Collective defense in cybersecurity means information sharing to battle the bad guys as a group.

Collective Defense and Patch Management

What is Collective Defense?

In short, collective defense is a means by which a group of entities band together to protect themselves from a common enemy. Its most celebrated and consequential application is probably the North Atlantic Treaty Organization (NATO), founded in 1949 by the US and European countries to deter the expansion of the Soviet Union and its form of communism. Ken Blanchard wrote that “none of us is as smart as all of us”, and collective defense applies that sentiment to defense against a common enemy:  all of us working together are safer than one of us working alone.

What is Collective Defense in Cybersecurity?

Collective defense in a nutshell:  All of us working together are much stronger and safer than one of us working alone.

The cybersecurity world is an ideal place for the implementation of collective defense, as it’s one of the few examples of a truly collegial and cooperative community united against a common enemy. Indeed, in a very real sense, the CISOs of Coke and Pepsi – two companies otherwise locked in a decades-long existential battle – are on the same team, and it wouldn’t surprise me if they collaborate. Fierce market competitors don’t typically revel in their opponents’ cyber security failures, but rather assume they’re probably next.

To date, there are a number of ways the cyber security community practices collective defense, including:

  • Threat Intelligence Sharing.  This is likely the best and most prevalent example of collective defense among enterprises. When a new threat is identified or an IOC (indicator of compromise, often an IP address or domain name) is discovered, there are multiple avenues for the entity uncovering it to share that information with the community at large, and most do so with alacrity. 
  • Incident Response. When one enterprise is breached, others may share information regarding a similar experience to help expedite recovery.
  • Cybersecurity Standards. The development of standards and frameworks often involves the input of many organizations from different industries collaborating to protect the greater community.

But an emerging technology is adding a new dynamic to the concept of cyber security collective defense, and it’s injecting a jolt of out-of-the-box-thinking into vulnerability remediation and patch management software, an area of cyber security largely bereft of innovation over the past several years.

Collective Defense and Patch Management

In the early days of systems administration, applying patches or upgrading software versions often resulted in disruption, and IT practitioners were therefore justifiably apprehensive about applying patches, whether they were security-related or not. Fast forward about 20 years, and times – and technology – have changed. Today, less than 2% of patches are rolled back (meaning the original software version – the one with the vulnerability – is re-installed to reverse a disruptive installation). Yet, vulnerability remediation teams continue to be apprehensive about auto-patching, largely for two reasons, one rational, and another emotional:

Effective patch management and vulnerability remediation is still one of the first things security-conscious organizations should prioritize.
  • Even if a practitioner acknowledges that there’s a 98% chance an applied patch won’t cause a disruption, they still have no way to know which patches are in the 2% category and which are safe. In effect, they’re gambling, an approach to systems operations understandably rejected by vulnerability remediation professionals.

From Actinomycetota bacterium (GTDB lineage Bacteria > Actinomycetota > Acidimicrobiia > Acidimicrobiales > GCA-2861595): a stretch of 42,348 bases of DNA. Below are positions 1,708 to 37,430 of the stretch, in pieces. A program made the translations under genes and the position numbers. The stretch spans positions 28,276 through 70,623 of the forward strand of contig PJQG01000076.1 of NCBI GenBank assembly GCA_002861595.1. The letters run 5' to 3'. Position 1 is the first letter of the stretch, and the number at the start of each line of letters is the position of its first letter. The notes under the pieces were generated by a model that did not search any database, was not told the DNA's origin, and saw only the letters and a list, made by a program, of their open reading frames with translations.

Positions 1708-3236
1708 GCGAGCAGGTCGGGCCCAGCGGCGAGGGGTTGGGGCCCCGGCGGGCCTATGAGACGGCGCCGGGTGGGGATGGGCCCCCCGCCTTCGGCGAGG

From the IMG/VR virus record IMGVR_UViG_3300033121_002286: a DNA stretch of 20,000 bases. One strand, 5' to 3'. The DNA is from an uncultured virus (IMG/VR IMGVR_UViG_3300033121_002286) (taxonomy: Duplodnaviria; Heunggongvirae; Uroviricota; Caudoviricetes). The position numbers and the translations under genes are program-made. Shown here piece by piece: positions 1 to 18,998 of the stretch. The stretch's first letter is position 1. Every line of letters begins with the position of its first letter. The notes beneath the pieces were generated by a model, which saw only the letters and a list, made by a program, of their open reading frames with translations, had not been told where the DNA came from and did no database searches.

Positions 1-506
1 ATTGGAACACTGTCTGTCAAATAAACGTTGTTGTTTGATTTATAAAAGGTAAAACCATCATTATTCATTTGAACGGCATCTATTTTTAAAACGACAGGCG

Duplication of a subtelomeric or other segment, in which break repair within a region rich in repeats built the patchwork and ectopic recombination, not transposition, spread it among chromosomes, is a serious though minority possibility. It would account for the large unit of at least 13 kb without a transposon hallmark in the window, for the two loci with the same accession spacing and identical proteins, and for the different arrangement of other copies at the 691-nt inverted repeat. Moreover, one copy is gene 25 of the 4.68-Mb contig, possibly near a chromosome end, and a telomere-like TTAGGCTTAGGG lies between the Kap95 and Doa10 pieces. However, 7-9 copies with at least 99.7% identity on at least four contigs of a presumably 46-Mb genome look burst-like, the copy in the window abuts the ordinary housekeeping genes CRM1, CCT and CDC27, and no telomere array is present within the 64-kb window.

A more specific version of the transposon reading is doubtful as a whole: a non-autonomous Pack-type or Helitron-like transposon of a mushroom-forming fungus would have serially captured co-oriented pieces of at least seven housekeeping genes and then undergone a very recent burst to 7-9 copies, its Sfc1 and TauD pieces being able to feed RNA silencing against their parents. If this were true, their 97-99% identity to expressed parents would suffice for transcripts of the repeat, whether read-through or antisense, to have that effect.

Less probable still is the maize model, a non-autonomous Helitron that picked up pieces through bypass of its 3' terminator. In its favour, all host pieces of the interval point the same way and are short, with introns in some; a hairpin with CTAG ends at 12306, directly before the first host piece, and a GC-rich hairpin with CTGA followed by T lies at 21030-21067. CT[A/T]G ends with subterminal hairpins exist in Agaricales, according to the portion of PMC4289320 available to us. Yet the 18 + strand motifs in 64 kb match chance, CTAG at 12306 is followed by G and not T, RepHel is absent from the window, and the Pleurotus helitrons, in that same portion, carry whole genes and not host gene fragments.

• Old habits die hard, and bad memories linger. It may be a decade or two since the chances of a major disruption when applying a patch were tantamount to a coin flip, or worse, but those experiences spawned a highly conservative culture (rightly so) among practitioners, and it’s not easily changed. In short, it’s a very human challenge.

The only way to address these two realities is data. At present, the only way for a vulnerability remediation practitioner to gain insight into whether a given patch might be disruptive is to ask a colleague at another organization if they’ve applied the patch, and gain the benefit of their experience. Even better, contact 2 peers, or 3, or 10; certainly, an impractical approach to patching experience data gathering. 

But now, that work has been done for them.

The trackd Platform and Patch Management

trackd is bringing precisely that patching experience data to the vulnerability remediation community, a novel approach to patch management designed to give practitioners the data – and therefore for the confidence – to leverage auto-patching to meaningfully reduce their MTTR (Mean Time to Remediate), and therefore, the cyber risk of their organization.

In short, when a patch is applied using the trackd platform, data is recorded that illuminates the experience the user had after applying that patch. Several data elements are collected, but in a nutshell, whether or not the patch was disruptive is the bottom line. This data is then anonymized, and shared with all other trackd platform users, in real-time. Over time, many other users on the trackd platform will apply the same patch, generating 5, 10, or even 100 or more data points for a given patch, and hopefully giving cautious remediation teams the confidence to make more aggressive patching decisions.

Ultimately, the concept of collective defense in the cyber security community comes down to sharing information, and the mutual benefit derived from that knowledge. Threat data has formed the bulk of that shared information to this point, but trackd’s platform is now extending that concept to the admittedly unsexy, yet absolutely crucial, world of vulnerability remediation.